Replicating a study is not plagiarism, and to prove that their research is plagiarism, you'd have to confirm that they were using someone else's data and claiming it as their own. Replication (by way of attempting to falsify a hypothesis) and new lines of inquiry are literally how a scientific body of knowledge is formed.


Last edited by Sykil; 07-22-2020 at 11:45 AM.
07-22-2020, 06:57 PM   #20
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QuoteOriginally posted by Sykil Quote
Not that I speak in defense of journals and paywalls, but I hardly know releasing research to the public for free to be the norm unless it is government/taxpayer funded OR the author(s) / funding institution can use it to make a profit. That would be pretty common in certain healthcare fields like optometry and dentistry when the research relates to the efficacy of a patented technology rather than a general method, which is what I assumed this research to be about. There's no trade name to be seen. If you work in research or otherwise rely on it and are not independent, employers (or educational institutions etc.) sometimes provide access.


Replicating a study is not plagiarism, and to prove that their research is plagiarism, you'd have to confirm that they were using someone else's data and claiming it as their own. Replication (by way of attempting to falsify a hypothesis) and new lines of inquiry are literally how a scientific body of knowledge is formed.
If your paper is being cited by another source because you are being interviewed about your findings, and you agree to release the information.....it would be unusual IMHO to not allow your paper and data to be challenged by the general public or people in your area of specialty. As far as optometry, ophthalmology, etc., ...much of the scientific research is not about a "patented technology" but about vision science in general. Which is why no one in practice, in vision education, or vision research would ever accept the information released about this finding without reading the actual original paper or looking at the data.

This "red light" finding is interesting but certainly needs more investigation, larger number of study participants, protocol rules for accepting or rejecting patients, larger amounts of data regarding the patients pre-study eye examination findings, what medications the subjects may be taking...etc.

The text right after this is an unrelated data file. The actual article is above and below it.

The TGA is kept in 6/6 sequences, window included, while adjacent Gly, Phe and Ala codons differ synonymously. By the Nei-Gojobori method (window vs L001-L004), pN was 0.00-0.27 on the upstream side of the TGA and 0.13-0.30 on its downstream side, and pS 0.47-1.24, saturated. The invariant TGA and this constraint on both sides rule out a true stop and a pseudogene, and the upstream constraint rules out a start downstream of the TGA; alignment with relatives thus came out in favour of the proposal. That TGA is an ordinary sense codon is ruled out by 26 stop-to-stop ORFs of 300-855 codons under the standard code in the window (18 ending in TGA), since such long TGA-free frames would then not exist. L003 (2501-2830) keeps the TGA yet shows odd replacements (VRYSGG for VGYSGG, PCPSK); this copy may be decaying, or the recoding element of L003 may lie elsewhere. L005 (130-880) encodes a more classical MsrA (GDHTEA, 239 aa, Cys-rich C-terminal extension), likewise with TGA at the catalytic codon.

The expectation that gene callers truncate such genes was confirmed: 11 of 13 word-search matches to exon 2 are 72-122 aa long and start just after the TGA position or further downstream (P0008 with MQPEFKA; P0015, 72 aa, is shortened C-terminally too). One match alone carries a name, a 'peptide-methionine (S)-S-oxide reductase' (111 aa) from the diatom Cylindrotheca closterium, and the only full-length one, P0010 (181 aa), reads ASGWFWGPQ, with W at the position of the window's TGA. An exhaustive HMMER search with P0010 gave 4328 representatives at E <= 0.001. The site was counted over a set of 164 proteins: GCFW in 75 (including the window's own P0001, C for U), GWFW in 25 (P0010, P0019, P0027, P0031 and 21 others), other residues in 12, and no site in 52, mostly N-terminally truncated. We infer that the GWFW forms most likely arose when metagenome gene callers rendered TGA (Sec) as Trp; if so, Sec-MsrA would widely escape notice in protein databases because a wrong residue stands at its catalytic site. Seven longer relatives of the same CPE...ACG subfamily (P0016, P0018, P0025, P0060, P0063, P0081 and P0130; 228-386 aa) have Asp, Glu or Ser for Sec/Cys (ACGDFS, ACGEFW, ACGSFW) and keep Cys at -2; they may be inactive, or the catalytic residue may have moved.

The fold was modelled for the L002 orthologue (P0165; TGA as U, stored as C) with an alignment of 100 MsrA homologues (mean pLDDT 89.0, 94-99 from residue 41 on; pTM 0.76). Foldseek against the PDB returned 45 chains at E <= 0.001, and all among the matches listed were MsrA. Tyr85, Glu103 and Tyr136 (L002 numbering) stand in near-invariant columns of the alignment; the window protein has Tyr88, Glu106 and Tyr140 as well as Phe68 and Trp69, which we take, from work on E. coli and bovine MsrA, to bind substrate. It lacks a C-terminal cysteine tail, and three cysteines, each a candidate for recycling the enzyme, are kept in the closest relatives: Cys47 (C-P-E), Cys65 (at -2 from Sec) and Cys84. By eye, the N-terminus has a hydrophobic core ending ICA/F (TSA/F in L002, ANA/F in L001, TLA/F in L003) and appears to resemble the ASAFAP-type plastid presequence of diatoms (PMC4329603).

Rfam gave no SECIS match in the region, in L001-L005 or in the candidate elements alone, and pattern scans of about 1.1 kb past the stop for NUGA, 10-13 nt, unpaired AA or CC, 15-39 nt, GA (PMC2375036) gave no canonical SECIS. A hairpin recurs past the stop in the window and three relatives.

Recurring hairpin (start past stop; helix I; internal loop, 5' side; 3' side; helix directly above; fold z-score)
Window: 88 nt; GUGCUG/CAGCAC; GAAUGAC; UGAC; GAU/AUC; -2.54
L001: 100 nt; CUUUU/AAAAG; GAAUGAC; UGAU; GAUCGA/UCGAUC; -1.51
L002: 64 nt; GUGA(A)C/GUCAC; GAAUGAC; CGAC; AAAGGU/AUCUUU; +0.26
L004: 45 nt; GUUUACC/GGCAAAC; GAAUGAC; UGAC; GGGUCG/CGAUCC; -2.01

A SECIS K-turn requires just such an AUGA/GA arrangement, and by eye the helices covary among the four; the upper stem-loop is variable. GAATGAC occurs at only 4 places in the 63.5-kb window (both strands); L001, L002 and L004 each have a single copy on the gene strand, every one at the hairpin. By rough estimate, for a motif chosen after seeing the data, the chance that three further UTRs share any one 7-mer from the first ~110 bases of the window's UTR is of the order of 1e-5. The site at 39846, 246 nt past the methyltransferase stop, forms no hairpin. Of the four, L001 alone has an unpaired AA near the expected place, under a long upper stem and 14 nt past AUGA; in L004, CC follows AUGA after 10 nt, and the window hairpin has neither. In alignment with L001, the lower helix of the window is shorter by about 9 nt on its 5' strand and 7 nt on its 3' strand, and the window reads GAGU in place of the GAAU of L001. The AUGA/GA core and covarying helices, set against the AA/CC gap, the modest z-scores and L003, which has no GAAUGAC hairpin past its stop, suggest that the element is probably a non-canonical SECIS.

Still interesting to me..why the previous research into ocular mitochondria red light function was not pursued further.

Regards,

---------- Post added 07-22-2020 at 10:21 PM ----------

QuoteOriginally posted by yucafrita Quote
I am no expert for this field or for statistics. But since I am a biologist I stumble a bit about the sample size. 24 subjects of both gender, with a bias to female (?) and dispersed over an age-range from 28-72 yrs (?). I would seriously question if the sample size is big enough to quantify effects (gender differences apart). Did they check any health conditions? They write healthy but to which criteria? The illumination was done at home, so you dont have any control whether it was done at all, or if it was done correctly. They measured different things in different groups (no explanation).


Maybe the results indicate an effect or they are just anecdotal. I would prefer a bigger sample size, 50:50 both gender, clearly mentioned methodology how the health status was checked, the illumination done in a controlled way in the institue, and whenever I see overlapping error bars, I scratch my head.
I would have expected the methodology to include the fact that family eye history, medical history, prescribed and over the counter medications, possibly race (as certain races have a higher rate of macular disease than others), genetic history for retinal/macular problems, and possibly even a macular degeneration macular test(although is is controversial and not widely accepted by all eyecare practitioners) to be sure the study participants have no abnormal pre-existing macular condition. Just a thought.

---------- Post added 07-22-2020 at 10:21 PM ----------

Last edited by VSTAR; 07-22-2020 at 07:22 PM.